WASHINGTON – The National Indian Gaming Association (NIGA), in conjunction with the California Nations Indian Gaming Association (CNIGA), held their 2010 Summer Legislative Summit on July 20-21 on Capitol Hill in Washington, D.C. More than 170 NIGA Member Tribe representatives, and Associate members traveled from around the country for the 2-day event.
Chairman Ernie Stevens, Jr. welcomed the large tribal leader delegation in his opening address and said, “I appreciate that we have such a dynamic group here. It is very gratifying to look around the room and see such a great turnout of our tribal leadership and the Indian gaming industry. You are the leaders who are committed to work as a team and defend Indian Country’s interests,” Chairman Stevens stated.
Danny Tucker, Chairman of the CNIGA also provided opening welcome comments said, “This is the time that we must show our unity. We are all in this together on behalf of our Indian people and our communities.”
The Summit provided the delegates with an opportunity to meet with their Senators and Representatives to discuss critical issues confronting Tribal governments. It was also an opportunity to obtain information regarding pressing issues and concerns affecting Indian Country. Discussion topics included: Internet Gaming, Trust Land Issues, Taxation of Tribal Government Benefits, the National Indian Gaming Commission (NIGC), and Native American Veterans.
Throughout the course of the Summit, the delegates took part in various briefings and meetings with Tribal Leaders, members of the Senate, the NIGC, the Department of Interior and the House Native American Caucus. In addition, important regulatory matters were discussed with the Department of Interior and Administration Officials.
Jodi Gillette, Intergovernmental Affairs Director at the Whitehouse offered valuable insight during her address to Tribal Leaders. Gillette expressed her sincere appreciation towards Indian Country. “It has been a great experience working in partnership with Tribal leaders and government officials. That partnership is critical to helping Indian country. We need to move to address those challenges facing Indian Country in order to become stronger,” stated Gillette.
Deputy Assistant Secretary of Indian Affairs, Donald “Del” Laverdure and National Indian Gaming Commission (NIGC) Chairwoman Tracie Stevens also provided updates on pending issues.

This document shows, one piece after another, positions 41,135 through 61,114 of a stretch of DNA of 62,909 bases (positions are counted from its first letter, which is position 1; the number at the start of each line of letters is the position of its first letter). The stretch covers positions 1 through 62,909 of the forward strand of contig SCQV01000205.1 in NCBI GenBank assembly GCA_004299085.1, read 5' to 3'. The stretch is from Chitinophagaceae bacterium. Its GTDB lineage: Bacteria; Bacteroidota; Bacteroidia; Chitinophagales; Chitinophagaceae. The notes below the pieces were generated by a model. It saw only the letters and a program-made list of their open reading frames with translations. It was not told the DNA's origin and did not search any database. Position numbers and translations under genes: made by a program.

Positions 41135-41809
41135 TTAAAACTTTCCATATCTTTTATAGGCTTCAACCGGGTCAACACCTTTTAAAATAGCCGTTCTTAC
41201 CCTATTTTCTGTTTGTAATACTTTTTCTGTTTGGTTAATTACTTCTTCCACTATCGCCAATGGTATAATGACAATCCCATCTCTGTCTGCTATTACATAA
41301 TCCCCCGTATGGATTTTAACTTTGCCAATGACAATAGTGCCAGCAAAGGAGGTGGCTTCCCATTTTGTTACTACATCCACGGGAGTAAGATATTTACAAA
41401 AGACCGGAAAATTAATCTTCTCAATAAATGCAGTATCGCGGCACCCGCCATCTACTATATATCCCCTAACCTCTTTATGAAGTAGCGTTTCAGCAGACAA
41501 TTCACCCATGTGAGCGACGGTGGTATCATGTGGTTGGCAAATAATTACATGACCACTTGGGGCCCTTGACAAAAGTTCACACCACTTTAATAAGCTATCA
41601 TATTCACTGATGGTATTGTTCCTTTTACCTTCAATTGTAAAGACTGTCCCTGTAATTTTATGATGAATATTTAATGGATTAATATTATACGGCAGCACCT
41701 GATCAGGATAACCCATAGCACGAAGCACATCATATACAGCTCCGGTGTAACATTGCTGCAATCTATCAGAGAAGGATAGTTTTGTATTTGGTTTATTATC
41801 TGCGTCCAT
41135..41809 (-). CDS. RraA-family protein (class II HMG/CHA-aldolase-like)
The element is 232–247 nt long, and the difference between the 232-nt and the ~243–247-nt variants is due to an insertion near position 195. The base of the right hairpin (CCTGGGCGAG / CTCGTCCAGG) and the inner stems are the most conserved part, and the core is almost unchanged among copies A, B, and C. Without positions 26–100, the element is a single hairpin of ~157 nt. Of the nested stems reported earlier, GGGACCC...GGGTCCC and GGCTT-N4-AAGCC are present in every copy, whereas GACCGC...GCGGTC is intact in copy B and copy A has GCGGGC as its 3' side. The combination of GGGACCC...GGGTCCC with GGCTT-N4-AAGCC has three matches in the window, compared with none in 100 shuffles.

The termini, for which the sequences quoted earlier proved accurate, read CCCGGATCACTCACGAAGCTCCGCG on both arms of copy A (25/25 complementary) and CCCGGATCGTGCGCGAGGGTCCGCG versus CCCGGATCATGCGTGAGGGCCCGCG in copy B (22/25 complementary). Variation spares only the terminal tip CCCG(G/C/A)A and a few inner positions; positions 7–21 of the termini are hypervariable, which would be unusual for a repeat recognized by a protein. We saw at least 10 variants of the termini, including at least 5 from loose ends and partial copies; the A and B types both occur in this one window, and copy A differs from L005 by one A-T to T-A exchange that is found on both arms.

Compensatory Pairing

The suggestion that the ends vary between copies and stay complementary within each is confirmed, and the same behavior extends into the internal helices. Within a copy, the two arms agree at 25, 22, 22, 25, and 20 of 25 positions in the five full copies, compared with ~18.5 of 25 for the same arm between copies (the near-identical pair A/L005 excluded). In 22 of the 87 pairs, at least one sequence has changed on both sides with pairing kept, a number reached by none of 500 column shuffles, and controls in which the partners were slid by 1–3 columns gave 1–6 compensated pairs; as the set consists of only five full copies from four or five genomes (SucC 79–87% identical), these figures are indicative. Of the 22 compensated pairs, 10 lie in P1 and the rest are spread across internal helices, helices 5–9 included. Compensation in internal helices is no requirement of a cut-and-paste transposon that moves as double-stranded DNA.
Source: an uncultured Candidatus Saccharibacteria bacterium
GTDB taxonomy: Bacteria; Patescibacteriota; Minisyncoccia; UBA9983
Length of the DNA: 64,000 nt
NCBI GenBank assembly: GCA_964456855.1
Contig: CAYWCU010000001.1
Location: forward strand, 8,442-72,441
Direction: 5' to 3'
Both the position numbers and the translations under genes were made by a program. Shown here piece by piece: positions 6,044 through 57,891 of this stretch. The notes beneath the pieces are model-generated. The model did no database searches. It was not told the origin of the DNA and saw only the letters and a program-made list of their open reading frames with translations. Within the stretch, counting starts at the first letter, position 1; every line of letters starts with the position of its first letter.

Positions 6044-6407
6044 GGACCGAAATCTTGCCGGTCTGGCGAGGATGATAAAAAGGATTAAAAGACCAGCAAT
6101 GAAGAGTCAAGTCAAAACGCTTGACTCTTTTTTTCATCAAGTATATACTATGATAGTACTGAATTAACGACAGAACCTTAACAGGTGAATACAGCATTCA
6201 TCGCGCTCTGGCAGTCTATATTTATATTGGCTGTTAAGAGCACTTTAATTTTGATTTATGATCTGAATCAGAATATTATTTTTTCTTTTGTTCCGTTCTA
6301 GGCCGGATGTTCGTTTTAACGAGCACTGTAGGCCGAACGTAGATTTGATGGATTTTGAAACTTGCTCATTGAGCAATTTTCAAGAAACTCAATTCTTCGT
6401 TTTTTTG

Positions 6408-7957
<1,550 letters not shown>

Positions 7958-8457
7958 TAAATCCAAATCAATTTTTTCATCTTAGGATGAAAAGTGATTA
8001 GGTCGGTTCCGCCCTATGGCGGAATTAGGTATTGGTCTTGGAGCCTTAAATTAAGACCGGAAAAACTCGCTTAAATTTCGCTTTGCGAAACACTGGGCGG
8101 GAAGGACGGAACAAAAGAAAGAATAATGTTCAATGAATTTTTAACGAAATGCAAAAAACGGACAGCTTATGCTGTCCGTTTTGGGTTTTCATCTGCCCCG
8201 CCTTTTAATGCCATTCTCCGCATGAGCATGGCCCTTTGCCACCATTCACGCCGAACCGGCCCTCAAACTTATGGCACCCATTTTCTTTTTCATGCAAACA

Chairwoman Stevens also took the opportunity to introduce NIGC Commissioners, Vice Chairwoman Stephanie Cochran, Associate Commissioner Dan Little and also newly appointed NIGC attorney, Larry Roberts.
“The NIGC now has a full team and we are confident that they are ready to work diligently on Capitol Hill and throughout Indian Country.” NIGC Chairwoman Stevens said.
NIGA hosted a Congressional Reception at the Longworth House Office Building on Tuesday evening. Attendees enjoyed an opportunity to meet with Congressional leaders and staffers.
The following evening the Tulalip Tribes of Washington hosted a reception in honor of newly appointed National Indian Gaming Commission Chairwoman, Tracie Stevens, who is member of the Tulalip tribe. Tulalip Tribal leadership and elders expressed many kind words of encouragement to NIGC Chairwoman Stevens.
Tribal Leaders are hopeful that the success of the 2010 Summer Legislative Summit will have a positive impact on the fall legislative calendar. “The National Indian Gaming Association and California Nations Indian Gaming Association legislative summits attract large gatherings of member tribes and associate members. This is imperative to supporting our mission which is to educate Congress, the news media and the general public about the positive impact of Indian gaming in all communities – Native and non-
Native,” explained Chairman Stevens. “Once again, Tribes have come to Washington, D.C., united in our desire to let our elected officials know that Indian Country has a strong voice on Capitol Hill. In addition, this is also a great opportunity to let our elected representatives know that Tribes will never rest as we strive to ensure that our sovereignty and the rights of Tribal governments are protected now and for future generations.”